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Evidence on the impact of minimum wage laws in an informal sector: Domestic workers in South Africa

  • Taryn Dinkelman

    (Princeton University)

  • Vimal Ranchhod

    (University of Cape Town)

What happens when a previously uncovered labor market is regulated? We exploit the in- troduction of a minimum wage in South Africa and variation in the intensity of this law to identify increases in wages and formal contract coverage, and no signi cant e ects on employment on the intensive or extensive margins for domestic workers. These large, partial responses to the law are somewhat surprising, given the lack of monitoring and enforcement in this informal sector. We interpret these changes as evidence that external sanctions are not necessary for new labor legislation to have a signi cant impact on informal sectors of developing countries, at least in the short-run.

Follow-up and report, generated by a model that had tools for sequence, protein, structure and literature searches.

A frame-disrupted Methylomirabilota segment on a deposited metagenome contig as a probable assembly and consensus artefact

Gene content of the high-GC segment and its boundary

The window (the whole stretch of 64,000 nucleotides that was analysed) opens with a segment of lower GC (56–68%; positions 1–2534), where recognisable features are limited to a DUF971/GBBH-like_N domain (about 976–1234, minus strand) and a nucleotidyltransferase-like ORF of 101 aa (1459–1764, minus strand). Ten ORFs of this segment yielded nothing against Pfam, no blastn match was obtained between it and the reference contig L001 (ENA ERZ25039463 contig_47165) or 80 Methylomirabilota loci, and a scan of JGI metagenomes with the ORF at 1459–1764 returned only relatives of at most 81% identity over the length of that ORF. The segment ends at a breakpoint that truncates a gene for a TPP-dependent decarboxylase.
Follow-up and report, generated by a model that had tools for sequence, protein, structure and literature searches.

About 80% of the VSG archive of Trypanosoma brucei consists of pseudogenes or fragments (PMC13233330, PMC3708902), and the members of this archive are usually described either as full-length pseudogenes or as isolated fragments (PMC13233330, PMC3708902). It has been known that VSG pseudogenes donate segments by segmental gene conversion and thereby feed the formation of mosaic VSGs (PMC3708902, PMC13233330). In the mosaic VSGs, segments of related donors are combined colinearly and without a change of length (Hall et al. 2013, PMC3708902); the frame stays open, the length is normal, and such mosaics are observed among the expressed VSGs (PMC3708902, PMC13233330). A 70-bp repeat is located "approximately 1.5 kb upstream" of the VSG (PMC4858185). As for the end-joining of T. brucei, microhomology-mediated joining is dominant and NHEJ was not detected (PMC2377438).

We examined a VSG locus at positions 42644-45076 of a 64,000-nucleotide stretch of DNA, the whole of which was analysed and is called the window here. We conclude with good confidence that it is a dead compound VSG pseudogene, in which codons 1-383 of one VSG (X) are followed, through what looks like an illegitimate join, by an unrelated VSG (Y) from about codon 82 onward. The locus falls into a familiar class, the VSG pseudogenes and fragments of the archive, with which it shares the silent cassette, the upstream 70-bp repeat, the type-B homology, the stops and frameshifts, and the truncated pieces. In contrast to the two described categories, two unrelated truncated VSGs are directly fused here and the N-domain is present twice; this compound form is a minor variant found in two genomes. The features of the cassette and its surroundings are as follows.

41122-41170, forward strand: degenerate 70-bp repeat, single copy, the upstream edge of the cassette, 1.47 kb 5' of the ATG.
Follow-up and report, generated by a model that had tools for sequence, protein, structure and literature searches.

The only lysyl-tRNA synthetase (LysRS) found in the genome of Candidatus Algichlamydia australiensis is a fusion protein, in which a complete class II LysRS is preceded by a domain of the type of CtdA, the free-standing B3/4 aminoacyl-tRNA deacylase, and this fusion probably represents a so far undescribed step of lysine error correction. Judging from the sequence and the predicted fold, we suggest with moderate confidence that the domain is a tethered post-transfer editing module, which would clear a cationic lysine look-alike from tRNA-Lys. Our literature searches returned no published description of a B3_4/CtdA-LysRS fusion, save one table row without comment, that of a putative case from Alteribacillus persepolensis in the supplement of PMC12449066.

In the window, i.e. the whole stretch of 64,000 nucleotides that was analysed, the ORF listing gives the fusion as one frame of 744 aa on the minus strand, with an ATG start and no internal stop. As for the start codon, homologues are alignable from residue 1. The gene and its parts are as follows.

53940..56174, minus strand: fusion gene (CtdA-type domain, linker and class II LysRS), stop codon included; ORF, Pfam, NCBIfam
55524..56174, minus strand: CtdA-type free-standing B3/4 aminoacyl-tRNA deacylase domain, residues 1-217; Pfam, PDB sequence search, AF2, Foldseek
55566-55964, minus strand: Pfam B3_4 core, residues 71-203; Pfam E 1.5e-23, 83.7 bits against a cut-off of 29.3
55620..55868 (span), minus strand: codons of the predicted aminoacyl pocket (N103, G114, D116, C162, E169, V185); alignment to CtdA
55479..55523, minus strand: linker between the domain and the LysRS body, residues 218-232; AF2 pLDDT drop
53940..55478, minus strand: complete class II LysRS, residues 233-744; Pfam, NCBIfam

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Paper provided by Princeton University, Woodrow Wilson School of Public and International Affairs, Research Program in Development Studies. in its series Working Papers with number 1254.

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Date of creation: Jul 2010
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Handle: RePEc:pri:rpdevs:dinkelman_ranchhod_minwages_0710
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